Broken Wings

This poignant film about an Israeli family rendered dysfunction by the sudden death of the husband and father is a strongly emotional experience. Without any mention whatsoever of the ongoing conflict in the Middle East, the film nonetheless resonates with feelings of oppression and dislocation that living in a virtual war zone generate. Writer-director Nir Bergman’s feature debut effectively enters the world of a once close-knit Haifa family which has suffered a body blow. The widow Dafna (Orli Zilberschatz-Banai) is 43 years old and a mess. Not only is she still deeply grieving nine months after her husband died, but there are money problems. So she works as a midwife in a hospital, taking whatever shifts she is given. As a result, it often falls on her eldest child, 17-year-old Maya (Maya Maron) to act as surrogate mother to her youngest siblings, 11-year-old Ido (Daniel Magon) and 6-year-old Bahr (Eliana Magon).
Bergman is very good at observing the minor details of everyday life which assume far greater significance because of the strain on the family. When Maya forgets to pick up little Bahr from school, it’s an incident which carries with it major ramifications. When, finally, the circumstance of the husband’s death-and the reason Maya blames herself for it-are made clear, the characters can all be seen in a new light. Filmed on location in Haifi and Tel Aviv, Broken Wings portrays an Israel that’s very different from the images the world sees on the nightly news. The cities and streets, hospitals, schools and apartments we see could be anywhere in the world, and yet the knowledge of the reality of what life in Israel today must be like pervades the film with an ominous feeling of oppression.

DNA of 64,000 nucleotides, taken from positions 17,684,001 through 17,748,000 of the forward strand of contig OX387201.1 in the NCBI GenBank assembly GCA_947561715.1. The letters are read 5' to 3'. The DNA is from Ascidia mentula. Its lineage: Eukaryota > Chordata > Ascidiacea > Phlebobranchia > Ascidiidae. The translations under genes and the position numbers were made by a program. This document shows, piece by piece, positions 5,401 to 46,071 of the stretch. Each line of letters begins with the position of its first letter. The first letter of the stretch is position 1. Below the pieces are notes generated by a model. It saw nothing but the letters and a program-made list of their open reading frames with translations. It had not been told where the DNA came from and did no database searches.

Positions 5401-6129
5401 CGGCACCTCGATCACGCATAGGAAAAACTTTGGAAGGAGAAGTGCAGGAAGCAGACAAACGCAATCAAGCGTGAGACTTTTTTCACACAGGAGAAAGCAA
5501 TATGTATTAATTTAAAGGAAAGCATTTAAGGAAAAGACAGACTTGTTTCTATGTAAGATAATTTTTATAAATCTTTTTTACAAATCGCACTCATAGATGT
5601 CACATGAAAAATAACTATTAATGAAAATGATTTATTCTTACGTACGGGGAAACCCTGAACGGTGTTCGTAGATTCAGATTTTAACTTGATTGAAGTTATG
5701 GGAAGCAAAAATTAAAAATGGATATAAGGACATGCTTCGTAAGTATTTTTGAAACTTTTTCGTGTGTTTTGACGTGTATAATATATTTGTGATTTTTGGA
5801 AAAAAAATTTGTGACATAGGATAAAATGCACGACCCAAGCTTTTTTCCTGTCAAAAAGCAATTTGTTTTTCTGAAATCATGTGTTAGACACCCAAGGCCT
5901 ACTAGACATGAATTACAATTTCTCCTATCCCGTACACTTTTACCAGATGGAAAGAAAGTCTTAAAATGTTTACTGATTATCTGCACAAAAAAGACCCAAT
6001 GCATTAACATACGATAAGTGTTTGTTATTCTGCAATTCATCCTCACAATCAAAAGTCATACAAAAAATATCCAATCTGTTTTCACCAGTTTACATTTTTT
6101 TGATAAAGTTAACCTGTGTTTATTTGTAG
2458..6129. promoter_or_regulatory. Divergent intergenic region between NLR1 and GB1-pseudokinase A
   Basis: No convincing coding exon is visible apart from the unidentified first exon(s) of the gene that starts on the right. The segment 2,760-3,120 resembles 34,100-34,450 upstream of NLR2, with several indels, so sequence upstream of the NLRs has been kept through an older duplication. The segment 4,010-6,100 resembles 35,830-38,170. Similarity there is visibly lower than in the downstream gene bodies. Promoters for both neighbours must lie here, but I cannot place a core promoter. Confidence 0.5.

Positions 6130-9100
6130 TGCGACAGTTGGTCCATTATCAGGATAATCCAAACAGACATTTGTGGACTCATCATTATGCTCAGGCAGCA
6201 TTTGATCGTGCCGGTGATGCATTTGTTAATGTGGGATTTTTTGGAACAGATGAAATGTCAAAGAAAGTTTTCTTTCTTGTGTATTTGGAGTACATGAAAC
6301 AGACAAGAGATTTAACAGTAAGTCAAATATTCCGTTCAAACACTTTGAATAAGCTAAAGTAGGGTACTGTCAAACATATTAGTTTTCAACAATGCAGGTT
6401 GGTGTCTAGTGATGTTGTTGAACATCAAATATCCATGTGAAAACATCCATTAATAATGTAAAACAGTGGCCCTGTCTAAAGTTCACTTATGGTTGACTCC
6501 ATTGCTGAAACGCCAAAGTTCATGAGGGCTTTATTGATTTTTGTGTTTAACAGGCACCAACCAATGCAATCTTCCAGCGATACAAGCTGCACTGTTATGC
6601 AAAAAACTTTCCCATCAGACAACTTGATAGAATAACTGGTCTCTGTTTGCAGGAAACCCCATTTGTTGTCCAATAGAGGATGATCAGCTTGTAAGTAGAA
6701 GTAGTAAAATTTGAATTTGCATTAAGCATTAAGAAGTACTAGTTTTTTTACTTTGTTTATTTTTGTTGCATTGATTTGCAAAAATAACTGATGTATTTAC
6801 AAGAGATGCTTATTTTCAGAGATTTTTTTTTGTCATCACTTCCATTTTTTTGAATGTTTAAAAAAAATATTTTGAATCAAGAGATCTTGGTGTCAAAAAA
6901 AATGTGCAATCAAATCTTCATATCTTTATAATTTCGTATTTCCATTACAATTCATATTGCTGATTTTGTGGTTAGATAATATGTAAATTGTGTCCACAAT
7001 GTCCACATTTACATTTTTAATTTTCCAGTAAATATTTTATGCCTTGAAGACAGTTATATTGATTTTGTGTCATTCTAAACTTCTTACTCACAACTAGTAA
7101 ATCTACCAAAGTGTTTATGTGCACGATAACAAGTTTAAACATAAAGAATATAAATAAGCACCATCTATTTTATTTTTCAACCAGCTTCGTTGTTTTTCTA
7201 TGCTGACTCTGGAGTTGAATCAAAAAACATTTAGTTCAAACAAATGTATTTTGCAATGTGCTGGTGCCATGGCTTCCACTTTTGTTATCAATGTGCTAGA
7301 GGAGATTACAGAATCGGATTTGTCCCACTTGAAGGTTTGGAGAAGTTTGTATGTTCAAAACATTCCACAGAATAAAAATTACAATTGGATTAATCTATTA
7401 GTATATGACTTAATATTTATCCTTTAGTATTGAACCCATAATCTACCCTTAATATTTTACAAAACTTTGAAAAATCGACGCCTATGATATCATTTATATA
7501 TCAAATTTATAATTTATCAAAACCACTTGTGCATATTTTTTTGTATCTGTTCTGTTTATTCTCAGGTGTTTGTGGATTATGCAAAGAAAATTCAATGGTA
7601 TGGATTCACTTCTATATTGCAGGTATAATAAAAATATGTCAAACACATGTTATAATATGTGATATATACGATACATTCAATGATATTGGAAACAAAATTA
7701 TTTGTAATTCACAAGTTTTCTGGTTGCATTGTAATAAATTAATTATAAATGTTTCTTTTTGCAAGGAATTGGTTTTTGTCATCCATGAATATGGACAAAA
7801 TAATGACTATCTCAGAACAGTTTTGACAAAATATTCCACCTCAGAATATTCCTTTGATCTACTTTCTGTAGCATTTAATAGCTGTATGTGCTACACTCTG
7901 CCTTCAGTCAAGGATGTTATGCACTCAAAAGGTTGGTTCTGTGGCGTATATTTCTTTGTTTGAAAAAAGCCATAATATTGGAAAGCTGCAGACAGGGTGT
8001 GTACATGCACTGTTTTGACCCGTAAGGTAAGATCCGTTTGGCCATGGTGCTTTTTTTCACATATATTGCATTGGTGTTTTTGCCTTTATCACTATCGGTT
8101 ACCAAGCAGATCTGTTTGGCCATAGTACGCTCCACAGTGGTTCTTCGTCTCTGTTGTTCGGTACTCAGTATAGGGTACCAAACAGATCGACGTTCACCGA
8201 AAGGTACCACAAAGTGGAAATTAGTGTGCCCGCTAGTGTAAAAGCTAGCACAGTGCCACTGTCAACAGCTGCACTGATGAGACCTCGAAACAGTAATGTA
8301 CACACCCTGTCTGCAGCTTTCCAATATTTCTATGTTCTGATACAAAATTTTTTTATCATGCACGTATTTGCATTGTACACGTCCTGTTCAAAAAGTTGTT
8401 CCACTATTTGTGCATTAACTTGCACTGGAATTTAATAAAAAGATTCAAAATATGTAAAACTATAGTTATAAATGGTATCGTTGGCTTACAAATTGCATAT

(Israel, 2003. English subtitles. Colour. Dolby stereo. 87 mins.)

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